Look at the spec. The road bike shares the same chassis, swingarm and shock linkage as the TT racer and has similar rake, trail and wheelbase dimensions, too.
The brakes may have different pads and the Öhlins suspension different springs and internals, but these and many other components, are in all other respects straight from the TT racer (although non-cornering ABS is present on the road bike). Essentially, this is a 1200cc road version of the bike McGuinness will ride at the TT in 2019.
Despite its proven racing credentials, road riders haven’t been taken for granted. Three electronic riding modes come as standard, as do traction control, an up-and-down quickshifter and launch control.
Away from performance, it’s generously roomy and your wrists aren’t on the floor and the pegs aren’t inches from your arse. The screen is a little small, but at fast cruising speeds it's decent enough, while even the mirrors, often an afterthought on bikes this focused, aren’t bad, even if you do have to look under rather than around your arms.
The fully- adjustable Öhlins suspension is plush but supports aggressive riding and you can feel the wide 200-section rear Dunlop GP Racer find grip and drive forwards. The Öhlins NIX 30 fully-adjustable forks are slightly firmer than the rear, but the feel is impressive.
Meanwhile, the Brembo M50 monobloc calipers offer race-bike stopping power and most of the time you only need one finger to haul up the lightweight missile.
Many of the 200 V4SSs to be built will remain unridden, to be enjoyed only as collectors' items, but, for me, the real beauty of a bike like this is found in its performance. After all, Norton developed the chassis for this, their first V4 road bike, by racing prototype versions on the most demanding track in the world: the Isle of Man TT course.
In the process they made some very public mistakes, while some scoffed at little Norton’s lofty ambitions. Not anymore. Josh Brookes finished fifth in the Senior TT in 2018, setting a new race and lap record for Norton, and John McGuinness is eager to step onto the podium in June 2019.
The first section of péage on our European jaunt gives me the opportunity to allow the V4 to bark. Short-shifting at only 7000rpm, it backfires between clutchless shifts and quickly propels me to illegal speeds on a huge wave of midrange torque; there’s more ftlb available at a twist of the wrist than on the Panigale, according to Norton.
Put the electronics into race/track mode, double check the rear-view camera and go. There’s no need to chase the revs. Simply shortshift and ride that overfilled vat of British torque. Occasionally I let the V4 off the leash, changing gear only when the gear indicator lights start to flash, and invite all 200 horses to the party. The bike remains stable, the front reassuringly planted, but it’s almost too fast for challenging road sections.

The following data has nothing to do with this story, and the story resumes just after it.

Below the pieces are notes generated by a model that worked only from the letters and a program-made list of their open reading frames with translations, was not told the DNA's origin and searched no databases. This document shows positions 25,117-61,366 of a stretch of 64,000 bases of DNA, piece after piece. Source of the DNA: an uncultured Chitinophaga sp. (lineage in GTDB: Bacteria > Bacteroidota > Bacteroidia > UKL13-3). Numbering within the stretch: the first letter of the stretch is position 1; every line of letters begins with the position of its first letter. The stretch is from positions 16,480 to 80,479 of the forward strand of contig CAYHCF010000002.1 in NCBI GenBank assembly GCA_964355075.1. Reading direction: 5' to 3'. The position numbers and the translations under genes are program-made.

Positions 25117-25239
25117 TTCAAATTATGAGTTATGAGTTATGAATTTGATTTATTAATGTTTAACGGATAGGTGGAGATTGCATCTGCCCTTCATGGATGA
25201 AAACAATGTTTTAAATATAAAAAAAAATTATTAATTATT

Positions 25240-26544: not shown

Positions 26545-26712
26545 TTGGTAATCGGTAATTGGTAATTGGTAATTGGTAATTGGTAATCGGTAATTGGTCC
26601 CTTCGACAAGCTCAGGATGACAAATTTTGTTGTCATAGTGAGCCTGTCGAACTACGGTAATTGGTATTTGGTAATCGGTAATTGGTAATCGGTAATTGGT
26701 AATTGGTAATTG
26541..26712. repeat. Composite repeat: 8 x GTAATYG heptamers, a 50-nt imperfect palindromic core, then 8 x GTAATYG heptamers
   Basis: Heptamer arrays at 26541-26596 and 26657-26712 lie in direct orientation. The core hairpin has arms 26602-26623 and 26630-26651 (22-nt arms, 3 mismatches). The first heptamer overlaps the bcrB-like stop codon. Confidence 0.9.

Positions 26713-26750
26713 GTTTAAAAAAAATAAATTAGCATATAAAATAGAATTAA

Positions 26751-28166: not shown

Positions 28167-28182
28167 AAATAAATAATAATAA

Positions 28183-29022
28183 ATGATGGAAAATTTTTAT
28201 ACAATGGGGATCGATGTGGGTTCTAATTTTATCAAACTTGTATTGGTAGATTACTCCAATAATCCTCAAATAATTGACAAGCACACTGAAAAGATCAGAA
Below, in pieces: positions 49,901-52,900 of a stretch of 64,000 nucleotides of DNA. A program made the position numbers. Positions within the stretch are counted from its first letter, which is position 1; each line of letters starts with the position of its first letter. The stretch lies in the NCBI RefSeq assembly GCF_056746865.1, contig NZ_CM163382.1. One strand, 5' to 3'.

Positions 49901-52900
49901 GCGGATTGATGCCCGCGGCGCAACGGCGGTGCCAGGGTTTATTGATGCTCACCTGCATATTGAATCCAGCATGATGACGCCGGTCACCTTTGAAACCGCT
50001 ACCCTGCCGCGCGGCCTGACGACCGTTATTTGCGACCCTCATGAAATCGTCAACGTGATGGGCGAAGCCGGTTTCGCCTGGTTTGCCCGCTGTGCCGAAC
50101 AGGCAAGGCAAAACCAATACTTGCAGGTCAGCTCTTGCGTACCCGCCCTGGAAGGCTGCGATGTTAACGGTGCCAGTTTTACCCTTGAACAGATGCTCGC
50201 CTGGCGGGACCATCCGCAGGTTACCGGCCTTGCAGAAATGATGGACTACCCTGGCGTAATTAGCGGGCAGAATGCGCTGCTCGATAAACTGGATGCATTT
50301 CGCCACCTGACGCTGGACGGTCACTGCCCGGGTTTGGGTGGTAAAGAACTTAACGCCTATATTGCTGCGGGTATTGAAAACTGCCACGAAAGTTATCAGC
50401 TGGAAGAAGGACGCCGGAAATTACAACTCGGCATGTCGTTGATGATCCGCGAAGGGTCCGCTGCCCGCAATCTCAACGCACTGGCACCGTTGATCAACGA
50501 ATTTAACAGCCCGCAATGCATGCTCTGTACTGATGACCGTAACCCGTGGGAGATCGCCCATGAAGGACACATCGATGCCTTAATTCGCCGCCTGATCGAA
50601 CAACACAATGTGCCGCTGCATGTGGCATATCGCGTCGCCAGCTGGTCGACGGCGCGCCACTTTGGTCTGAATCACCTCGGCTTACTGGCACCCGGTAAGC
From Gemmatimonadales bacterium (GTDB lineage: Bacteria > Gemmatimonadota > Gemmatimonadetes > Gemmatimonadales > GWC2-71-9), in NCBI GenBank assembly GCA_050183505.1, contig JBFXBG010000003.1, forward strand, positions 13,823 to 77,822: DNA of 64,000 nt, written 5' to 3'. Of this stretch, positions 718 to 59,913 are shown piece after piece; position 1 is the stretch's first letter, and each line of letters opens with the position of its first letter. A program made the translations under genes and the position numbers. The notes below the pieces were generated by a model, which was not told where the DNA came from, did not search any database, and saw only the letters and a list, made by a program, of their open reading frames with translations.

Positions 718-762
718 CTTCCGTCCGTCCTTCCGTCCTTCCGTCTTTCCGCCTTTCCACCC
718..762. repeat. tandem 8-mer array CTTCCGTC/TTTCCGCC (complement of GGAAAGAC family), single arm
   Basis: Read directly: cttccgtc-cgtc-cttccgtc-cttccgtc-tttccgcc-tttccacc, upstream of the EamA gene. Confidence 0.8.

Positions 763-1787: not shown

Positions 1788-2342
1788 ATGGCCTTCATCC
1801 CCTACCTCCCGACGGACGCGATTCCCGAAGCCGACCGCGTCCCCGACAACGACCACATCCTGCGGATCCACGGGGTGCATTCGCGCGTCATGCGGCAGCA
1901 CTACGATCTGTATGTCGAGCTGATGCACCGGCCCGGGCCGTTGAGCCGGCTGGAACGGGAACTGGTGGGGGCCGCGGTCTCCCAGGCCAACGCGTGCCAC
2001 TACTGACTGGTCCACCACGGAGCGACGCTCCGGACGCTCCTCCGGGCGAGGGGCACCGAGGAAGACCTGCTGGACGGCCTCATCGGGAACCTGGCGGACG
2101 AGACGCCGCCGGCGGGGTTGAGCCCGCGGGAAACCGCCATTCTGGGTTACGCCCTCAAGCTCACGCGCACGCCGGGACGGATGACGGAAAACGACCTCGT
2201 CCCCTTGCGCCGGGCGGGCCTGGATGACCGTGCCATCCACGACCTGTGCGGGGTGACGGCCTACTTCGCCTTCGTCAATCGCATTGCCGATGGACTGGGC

It’s a thirsty bike, though, and an early fuel light momentarily cuts the enjoyment, which on reflection was probably a good thing. It might be a TT-derived bike, but this is a public road and an interjection of humdrum reality helps bring you back to your senses. With the carbon fuel tank topped up it’s back to the fun, albeit a little more sedately.
At this early stage, it is hard to make any assumption about the reliability of the V4SS, however stunning build quality and attention to detail would suggest problems will be kept to a minimum.
At £44,000 the V4SS is undeniably expensive, however that hasn't stopped the Donington-based firm from selling out of all 200 machines. Combining exquisite details with superb performance, this is a slice of British exotica befitting an exotic price tag. This value is likely to be retained in many machines too, due to being parked up as collectors' items, rather than used as a serious road bike.
A Ducati Panigale V4 can be built up in half a day, including assembling the engine from scratch, but it takes two working days just to polish the frame on the Norton V4SS. Its detailing and finish are lovely: each bolt carries the Norton logo, while the billet swingarm is hewn from a 70kg block of aluminium.
There’s also keyless ignition and a 7in high-definition full-colour dash with rear-view camera. Yes, you did read that correctly: a rear-view camera. There are still conventional mirrors, but on-the-fly you can switch on the rear-view camera that transforms the dash into a mini-TV giving a clear picture of what’s behind from just above the rear tyre.
Simultaneously the dash still shows, rpm and speed. Each of the three riding modes has a specific screen display, and within each mode you can check trips, engine temperature, all the usual info and even change the language. Our bike didn’t show ambient temperature or fuel range, though.
No matter where the V4SS goes, it pulls a crowd. I lost count of the number of excited people tying to take a picture on their phone while driving one-handed.